Experts urge government to improve funding for tuberculosis

Gloria Essien

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Health experts have urged the federal government to improve its domestic funding to curb Tuberculosis in order to reduce the burden of the disease in the country.

They made the call in Abuja at a meeting on sustainable financing TB in Nigeria.

The event which was organised by the Stop TB Partnership Nigeria in collaboration with the National Tuberculosis, Buruli Ulcer and Leprosy Control Programme and other development partners was set up to discuss new ways of getting domestic funds to sustain TB financing in Nigeria.

Speaking at the event, Prof. Oladapo Ladipo, President/Chief Executive Officer, Association for Reproductive and family Health (ARFH) said the government needed to invest more in the detection and treatment of TB in Nigeria.

” There is a huge funding gap for early TB detection and case finding in Nigeria and this has been having a negative effect on the fight against TB. The country has been largely dependent on international donors for funding TB programmes and such is no longer acceptable especially with the funding glowing lean on yearly basis. “. He lamented.

On her part, Dr. Frances Ilika, said that Nigeria contributes only five per cent of the total funds used in TB programmes in the country.

According to her, there is a ”funding gap of about 35 per cent; 60 per cent of TB funds used in the country are donated by international partners. In 2017, Nigeria needed $336 million to fight the disease. Unfortunately, the TB programme was unable to get half of it”.

Ms. Ilika said that government needs to provide a good primary health care system where Nigerians can get right diagnosis and treatment to reduce the financial burden on the citizens.

“We need to make the health insurance cover TB, this would provide more funding for detection. Only about 20 per cent of PHCs have TB DOT (detection and treatment) centres. Many does not even have the Gene- Xpert machine to assist with detection of the disease, it is no longer acceptable if we are to reduce TB burden in the country. We need local funding partners, federal government, state governments and private entities need to come on board. TB is a disease that can affect anyone around us, it will be part of the test to look out for when any one goes to the healthcare for treatment,” she added.

According to World Health Organisation, Nigeria is one of the highest TB burdened countries in the world. Nigeria ranks sixth among countries with highest global burden.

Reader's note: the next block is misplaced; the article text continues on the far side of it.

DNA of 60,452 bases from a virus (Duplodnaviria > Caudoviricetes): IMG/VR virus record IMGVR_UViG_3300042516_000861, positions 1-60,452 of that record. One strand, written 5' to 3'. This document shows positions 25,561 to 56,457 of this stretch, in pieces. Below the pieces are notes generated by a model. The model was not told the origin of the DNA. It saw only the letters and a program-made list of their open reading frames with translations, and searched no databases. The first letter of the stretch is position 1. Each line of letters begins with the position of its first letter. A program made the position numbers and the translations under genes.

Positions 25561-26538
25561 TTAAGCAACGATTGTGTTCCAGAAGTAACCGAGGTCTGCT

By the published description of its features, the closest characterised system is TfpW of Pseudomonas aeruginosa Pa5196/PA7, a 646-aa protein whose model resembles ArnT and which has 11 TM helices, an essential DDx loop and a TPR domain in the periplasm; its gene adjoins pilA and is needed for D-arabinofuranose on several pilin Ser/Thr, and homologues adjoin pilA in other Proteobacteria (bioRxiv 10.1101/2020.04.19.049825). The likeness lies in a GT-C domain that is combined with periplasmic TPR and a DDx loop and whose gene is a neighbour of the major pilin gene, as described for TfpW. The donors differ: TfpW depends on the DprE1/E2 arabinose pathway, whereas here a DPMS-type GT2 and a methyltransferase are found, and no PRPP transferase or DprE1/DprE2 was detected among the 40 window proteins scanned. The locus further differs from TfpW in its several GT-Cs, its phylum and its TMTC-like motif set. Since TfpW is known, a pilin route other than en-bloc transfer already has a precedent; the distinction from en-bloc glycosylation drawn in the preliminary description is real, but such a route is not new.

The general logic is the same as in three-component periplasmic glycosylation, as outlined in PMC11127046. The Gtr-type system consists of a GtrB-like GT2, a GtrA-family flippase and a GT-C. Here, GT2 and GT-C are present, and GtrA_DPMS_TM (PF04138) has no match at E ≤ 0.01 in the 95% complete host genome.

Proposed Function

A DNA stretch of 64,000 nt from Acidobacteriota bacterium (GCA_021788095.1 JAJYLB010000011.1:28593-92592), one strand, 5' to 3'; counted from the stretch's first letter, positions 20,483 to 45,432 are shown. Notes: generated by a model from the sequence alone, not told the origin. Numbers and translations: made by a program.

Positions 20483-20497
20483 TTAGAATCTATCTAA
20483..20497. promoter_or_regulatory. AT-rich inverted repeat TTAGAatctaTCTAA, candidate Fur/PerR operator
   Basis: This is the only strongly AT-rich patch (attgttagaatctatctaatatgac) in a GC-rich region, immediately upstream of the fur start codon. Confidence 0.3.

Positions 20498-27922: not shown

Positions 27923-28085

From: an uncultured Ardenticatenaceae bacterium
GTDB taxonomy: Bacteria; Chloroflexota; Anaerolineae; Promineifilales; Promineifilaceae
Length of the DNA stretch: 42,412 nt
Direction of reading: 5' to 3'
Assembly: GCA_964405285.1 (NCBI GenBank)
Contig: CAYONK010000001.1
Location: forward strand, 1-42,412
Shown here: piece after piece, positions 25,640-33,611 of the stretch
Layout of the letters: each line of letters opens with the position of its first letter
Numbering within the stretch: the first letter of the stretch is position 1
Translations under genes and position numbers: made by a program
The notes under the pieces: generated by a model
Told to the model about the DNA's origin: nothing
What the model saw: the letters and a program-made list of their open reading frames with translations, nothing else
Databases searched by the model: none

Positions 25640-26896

According to the global TB report 2017 released by WHO, there were an estimated 10.4 million new TB cases worldwide in 2016, 10 per cent of which were people living with HIV/AIDS.

Of these new cases, seven countries are noted to account for 64 per cent of the total burden. India topped the chart followed by Indonesia, China, Philippines, Pakistan, Nigeria and South Africa.

Meanwhile an estimated 1.7 million people died from TB, including nearly 400 000 people who were co-infected with HIV.

Quick facts about Tuberculosis

1. Tuberculosis is partly preventable by vaccine

2. The bacteria that cause TB are spread when an infected person coughs or sneezes.

3. Most people infected with bacteria that cause tuberculosis do not have symptoms.

4. When symptoms do occur, they usually include a cough, sometimes blood-tinged, weight loss, night sweats and fever.

5. Treatment is not always required for these without symptoms.

6. Patient with active symptoms will require a long course of treatment involving multiple antibiotics.

7. If you do not take the drugs correctly, the germs that are still alive may become difficult to treat with those drugs. It takes at least six months and possibly as long as one year to kill all the TB germs.

8. If you have TB, don’t drink alcohol — it can add to the risk of liver damage from some of the drugs used to treat your TB.

9. Tuberculosis is curable and preventable. About one-third of the world’s population has latent TB, which means people have been infected by TB bacteria but are not (yet) ill with disease and cannot transmit the disease.

10. People infected with TB bacteria have a lifetime risk of falling ill with TB of 10 per cent.

11. You cannot get TB germs from: Sharing drinking containers or eating utensils. TB is NOT spread through shaking someone’s hand, sharing food, touching bed linen or toilet seats, or sharing toothbrushes

The theme of this years world TB day is “Find and Notify all TB cases while the slogan is Wanted: Leaders for a TB-free Nigeria.”